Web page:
Do you know the difference between tactics and strategy? Today I have a guest post by Saskia Jones for you to dispel some myths and provide clarity.
I often describe strategy as “the thinking” whereas tactics are “the doing” – in other words, what we’re going to do, then how we’re going to do it/get there.
In my Strategic Internal Communication Masterclass I talk about the fact Strategic Internal Communication is typically characterised as being proactive, whereas tactical Internal Communication is being reactive.
Saskia is a Communications Consultant and Coach, specialising in internal communications. Her latest role was Head of Communications Engagement at Oxfam, responsible for brand, strategy and global internal communications. She won ‘Internal Communicator of the Year’ at the Institute of Internal Communication Icon Awards 2014.
2020 update: I’m devastated to say unfortunately Saskia passed away in January 2020. You can read her obituary from the Institute of Internal Communication online.
She was such a guiding light in the world of IC and I enjoyed collaborating with her on posts like these to help other internal communicators learn. She will be missed by me and so many others in the world of Comms.
Here’s Saskia’s article…
Internal Communications Tactics vs Strategy: What’s the difference?
‘We need to get all staff on Yammer’; ‘We need a newsletter’; ‘We need a leadership video’. Familiar?
It is very tempting to measure the effectiveness of your role by the number of initiatives you can come up with or are working on. It gives the impression of forward movement. But what are these initiatives designed to achieve, and how are they bringing results for the organisation?
You may feel like you have no time to look at the bigger picture under the pressure of so many demands on your time.
When you have dozens of projects on the go, it’s easy to have no time to step back. You certainly need to have lots of ideas for effective actions, but also a strong clarity about where those actions are being designed to take you – in other words a certainty that they will contribute to achieving your organizational goals.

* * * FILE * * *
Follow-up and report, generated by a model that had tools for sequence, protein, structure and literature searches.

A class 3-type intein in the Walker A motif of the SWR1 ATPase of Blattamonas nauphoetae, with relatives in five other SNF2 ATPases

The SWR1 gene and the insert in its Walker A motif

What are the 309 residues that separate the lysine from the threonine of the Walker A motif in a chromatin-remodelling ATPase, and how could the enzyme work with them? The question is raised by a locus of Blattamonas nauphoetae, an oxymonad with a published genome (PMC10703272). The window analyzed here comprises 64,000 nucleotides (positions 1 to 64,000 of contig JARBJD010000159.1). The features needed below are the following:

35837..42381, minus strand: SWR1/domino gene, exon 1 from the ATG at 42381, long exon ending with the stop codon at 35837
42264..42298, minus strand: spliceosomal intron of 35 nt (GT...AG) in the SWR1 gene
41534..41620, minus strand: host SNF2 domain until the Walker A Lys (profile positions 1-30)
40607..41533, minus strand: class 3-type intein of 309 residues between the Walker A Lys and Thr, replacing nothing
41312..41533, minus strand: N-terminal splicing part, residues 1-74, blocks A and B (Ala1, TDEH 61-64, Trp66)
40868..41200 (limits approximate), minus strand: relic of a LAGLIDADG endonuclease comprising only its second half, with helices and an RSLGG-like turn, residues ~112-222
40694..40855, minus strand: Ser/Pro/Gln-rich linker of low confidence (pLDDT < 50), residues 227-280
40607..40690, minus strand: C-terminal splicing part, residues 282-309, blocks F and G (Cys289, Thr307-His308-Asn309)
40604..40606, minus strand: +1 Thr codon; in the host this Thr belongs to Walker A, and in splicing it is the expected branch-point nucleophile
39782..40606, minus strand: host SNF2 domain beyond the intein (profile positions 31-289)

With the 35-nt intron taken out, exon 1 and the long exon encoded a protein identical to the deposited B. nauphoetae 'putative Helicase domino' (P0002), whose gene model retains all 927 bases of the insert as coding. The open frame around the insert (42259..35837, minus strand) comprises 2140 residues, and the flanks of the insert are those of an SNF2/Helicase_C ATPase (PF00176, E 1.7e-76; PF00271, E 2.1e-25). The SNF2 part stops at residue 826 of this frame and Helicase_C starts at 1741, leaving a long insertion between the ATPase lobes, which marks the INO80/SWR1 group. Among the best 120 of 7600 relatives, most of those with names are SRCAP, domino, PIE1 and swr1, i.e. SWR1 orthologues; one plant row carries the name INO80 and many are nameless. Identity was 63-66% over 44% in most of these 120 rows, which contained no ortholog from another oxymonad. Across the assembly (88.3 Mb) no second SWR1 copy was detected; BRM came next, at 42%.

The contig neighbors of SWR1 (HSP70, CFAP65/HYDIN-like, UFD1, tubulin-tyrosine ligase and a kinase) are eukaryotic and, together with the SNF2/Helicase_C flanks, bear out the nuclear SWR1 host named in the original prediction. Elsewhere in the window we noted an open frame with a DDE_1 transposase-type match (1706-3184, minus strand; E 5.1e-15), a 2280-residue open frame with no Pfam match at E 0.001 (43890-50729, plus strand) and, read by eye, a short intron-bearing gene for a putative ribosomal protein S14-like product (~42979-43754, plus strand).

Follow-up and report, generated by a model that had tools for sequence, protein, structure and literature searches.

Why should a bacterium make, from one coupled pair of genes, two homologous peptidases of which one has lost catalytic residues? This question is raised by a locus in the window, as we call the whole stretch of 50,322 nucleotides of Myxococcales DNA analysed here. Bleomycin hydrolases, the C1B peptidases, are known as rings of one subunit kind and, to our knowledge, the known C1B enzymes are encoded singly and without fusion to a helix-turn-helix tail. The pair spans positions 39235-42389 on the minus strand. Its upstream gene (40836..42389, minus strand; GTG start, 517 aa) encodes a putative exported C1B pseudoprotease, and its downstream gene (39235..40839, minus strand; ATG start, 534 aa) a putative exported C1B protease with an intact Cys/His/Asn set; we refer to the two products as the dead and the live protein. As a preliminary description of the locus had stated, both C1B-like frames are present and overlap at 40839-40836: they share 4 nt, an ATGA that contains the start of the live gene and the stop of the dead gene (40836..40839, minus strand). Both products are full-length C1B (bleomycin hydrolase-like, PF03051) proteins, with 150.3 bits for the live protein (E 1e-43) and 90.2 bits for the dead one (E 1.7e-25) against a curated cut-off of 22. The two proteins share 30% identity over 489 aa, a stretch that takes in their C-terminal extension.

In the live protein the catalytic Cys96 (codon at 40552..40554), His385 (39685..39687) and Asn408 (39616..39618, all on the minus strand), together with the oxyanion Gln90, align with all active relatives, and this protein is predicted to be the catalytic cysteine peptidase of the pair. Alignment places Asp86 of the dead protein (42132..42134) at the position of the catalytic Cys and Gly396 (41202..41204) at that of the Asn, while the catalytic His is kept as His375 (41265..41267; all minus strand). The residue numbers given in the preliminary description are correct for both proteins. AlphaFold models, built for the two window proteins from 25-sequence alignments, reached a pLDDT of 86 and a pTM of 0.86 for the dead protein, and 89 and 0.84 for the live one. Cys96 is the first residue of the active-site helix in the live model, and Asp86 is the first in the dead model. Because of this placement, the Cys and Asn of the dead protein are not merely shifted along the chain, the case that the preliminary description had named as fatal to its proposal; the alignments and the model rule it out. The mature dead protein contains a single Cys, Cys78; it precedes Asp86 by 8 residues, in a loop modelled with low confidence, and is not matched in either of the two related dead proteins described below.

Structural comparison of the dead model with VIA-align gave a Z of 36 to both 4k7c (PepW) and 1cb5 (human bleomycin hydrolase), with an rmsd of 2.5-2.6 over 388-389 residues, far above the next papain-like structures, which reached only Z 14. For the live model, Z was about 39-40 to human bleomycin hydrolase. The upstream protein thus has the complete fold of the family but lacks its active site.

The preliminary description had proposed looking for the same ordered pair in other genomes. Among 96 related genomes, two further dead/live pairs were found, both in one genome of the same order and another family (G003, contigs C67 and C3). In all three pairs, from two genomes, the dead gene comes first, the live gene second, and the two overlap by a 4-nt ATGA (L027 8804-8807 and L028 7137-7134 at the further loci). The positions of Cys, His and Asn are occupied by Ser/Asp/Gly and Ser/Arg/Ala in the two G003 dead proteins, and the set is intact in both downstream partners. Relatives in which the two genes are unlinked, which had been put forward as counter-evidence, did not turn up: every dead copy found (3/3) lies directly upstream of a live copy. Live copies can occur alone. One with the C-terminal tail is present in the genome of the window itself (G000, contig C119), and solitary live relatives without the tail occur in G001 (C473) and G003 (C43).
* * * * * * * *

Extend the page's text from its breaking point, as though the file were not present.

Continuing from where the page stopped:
What’s the difference between strategy and tactics?
A strategy sets the direction in which you are headed. It sets an approach for achieving your overall objective.
A tactic is a course of action – one of possibly several – that you will embark on to bring your strategy to fruition. It is an activity to which you can assign a clear timeline, resources and metrics.
Without a strategy, your tactics have no direction. Without tactics, your strategy won’t happen.
Can you give a simple example?
Imagine that your latest employee survey has shown that employee engagement has decreased.
You have been asked to work with HR to improve this. Your overall objective is therefore to increase employee engagement.
Specifically, the survey has shown that line manager communication is poor.
You may therefore decide that one of your strategies for raising employee engagement will be to improve line managers’ skills at internal communication.
Tactically, there are a number of ways to potentially achieve this, including:
- You could implement a training programme in effective internal communication for all line managers
- You could make it compulsory for all line managers to have an objective on internal communication with their teams